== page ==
Definitions

from The American Heritage® Dictionary of the English Language, 4th Edition

  • n. The state or quality of being arrogant; overbearing pride.

from Wiktionary, Creative Commons Attribution/Share-Alike License

  • n. The act or habit of arrogating, or making undue claims in an overbearing manner; that species of pride which consists in exorbitant claims of rank, dignity, estimation, or power, or which exalts the worth or importance of the person to an undue degree; proud contempt of others; lordliness; haughtiness; self-assumption; presumption.

from the GNU version of the Collaborative International Dictionary of English

  • n. The act or habit of arrogating, or making undue claims in an overbearing manner; that species of pride which consists in exorbitant claims of rank, dignity, estimation, or power, or which exalts the worth or importance of the person to an undue degree; proud contempt of others; lordliness; haughtiness; self-assumption; presumption.

from The Century Dictionary and Cyclopedia

  • n. The condition or quality of being arrogant; a manifest feeling of personal superiority in rank, power, dignity, or estimation; the exalting of one's own worth or importance to an undue degree; pride with contempt of others; presumption.
  • n. Synonyms Pride, Arrogance, Presumption, Assumption, Haughtiness, Disdain, Loftiness, Superciliousness, Insolence, lordliness, self-importance, imperiousness, swagger. (See pride.) Pride and disdain are the only words in the list that may have a good meaning when applied to persons: as, pride in one's country; disdain of a base suggestion. Pride primarily respects the temper of the mind, not being necessarily manifested or directed toward others; it is the general term for an unreasonable estimate of one's own superiority in any respect. As it comes into relation and action, it may receive other titles. Thus, arrogance is, at its simplest, pride with contempt of others, and is essentially the same as disdain. In action, arrogance is the assertion of exorbitant claims to rank, dignity, estimation, homage, power, etc. Presumption is often used for arrogance, but more properly expresses a self-conceited and self-important forwardness to run risks, take liberties, and crowd in where one does not deserve to be. Presumption helps itself to what it wants, while arrogance claims from others, and feeds its pride by seeing them yield. Presumption is less selfish than arrogance, but more conceited and headstrong. Assumption has added to its other meanings a bad sense, kindred to presumption; it means a disposition to do what does not belong to one to do, and sometimes to claim to be more than one is. Haughtiness, like disdain and loftiness, dwells upon the inferiority of others quite as much as upon its own elevation; it is equally applicable to spirit and to manner. Disdain is a mingling of lofty contempt with aversion, abhorrence, or indignation. Superciliousness, as befits its derivation, is chiefly applied to manner; it is a manifested haughtiness. Insolence is exhibited not only in manner, but in conduct and language; it is pride or haughtiness, shown in contemptuous or overbearing treatment of others, especially by words; from an equal or an inferior it is an outrageous kind of impertinence. See impudence, egotism, and scorn.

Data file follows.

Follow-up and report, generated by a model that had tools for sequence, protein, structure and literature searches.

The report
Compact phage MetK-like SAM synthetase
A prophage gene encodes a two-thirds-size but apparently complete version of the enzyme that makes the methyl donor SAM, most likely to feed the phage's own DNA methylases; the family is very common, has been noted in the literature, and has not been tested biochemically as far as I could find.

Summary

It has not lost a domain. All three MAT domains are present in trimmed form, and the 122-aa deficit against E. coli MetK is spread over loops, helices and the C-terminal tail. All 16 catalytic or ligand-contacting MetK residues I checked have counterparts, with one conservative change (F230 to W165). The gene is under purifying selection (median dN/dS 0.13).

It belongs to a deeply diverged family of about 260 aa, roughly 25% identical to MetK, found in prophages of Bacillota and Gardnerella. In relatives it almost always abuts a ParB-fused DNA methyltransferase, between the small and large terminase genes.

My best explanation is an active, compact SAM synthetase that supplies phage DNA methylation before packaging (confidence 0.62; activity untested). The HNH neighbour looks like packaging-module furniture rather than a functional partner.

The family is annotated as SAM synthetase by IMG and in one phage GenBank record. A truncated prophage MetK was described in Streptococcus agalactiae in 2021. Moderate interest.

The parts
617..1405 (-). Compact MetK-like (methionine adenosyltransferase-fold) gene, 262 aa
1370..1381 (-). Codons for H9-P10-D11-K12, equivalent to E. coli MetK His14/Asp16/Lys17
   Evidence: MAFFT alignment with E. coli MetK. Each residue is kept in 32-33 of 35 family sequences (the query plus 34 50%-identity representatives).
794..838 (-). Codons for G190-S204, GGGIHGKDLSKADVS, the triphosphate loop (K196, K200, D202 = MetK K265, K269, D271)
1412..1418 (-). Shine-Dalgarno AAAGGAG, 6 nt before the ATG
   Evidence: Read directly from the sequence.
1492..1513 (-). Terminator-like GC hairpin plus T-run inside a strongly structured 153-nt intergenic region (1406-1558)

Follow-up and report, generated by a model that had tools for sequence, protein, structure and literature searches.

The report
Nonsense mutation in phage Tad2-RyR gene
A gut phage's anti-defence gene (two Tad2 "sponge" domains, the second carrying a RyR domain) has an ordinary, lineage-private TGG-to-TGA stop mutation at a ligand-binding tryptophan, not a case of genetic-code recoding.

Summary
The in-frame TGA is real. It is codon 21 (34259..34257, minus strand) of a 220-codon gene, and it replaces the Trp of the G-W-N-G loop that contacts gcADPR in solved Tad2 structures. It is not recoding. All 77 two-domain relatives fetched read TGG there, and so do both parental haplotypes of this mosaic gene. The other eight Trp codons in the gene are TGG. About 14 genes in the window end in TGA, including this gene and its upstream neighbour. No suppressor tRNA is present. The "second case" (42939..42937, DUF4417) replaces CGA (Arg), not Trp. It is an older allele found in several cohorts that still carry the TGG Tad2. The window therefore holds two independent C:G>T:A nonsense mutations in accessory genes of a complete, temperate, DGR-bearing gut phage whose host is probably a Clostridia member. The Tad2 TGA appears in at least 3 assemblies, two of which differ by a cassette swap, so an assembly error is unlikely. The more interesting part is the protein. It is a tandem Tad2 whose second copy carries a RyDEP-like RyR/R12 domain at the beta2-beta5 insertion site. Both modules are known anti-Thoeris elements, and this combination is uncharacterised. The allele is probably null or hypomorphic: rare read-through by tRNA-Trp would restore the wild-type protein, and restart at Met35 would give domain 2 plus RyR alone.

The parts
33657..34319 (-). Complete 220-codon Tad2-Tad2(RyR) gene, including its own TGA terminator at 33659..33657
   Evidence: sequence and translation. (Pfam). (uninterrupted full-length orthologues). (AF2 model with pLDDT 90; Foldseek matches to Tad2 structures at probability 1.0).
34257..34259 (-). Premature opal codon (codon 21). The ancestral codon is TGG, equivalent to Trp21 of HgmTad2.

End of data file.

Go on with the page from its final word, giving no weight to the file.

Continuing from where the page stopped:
from WordNet 3.0 Copyright 2006 by Princeton University. All rights reserved.

  • n. overbearing pride evidenced by a superior manner toward inferiors

Etymologies

Old French, from Latin arrogantia. (Wiktionary)

Examples

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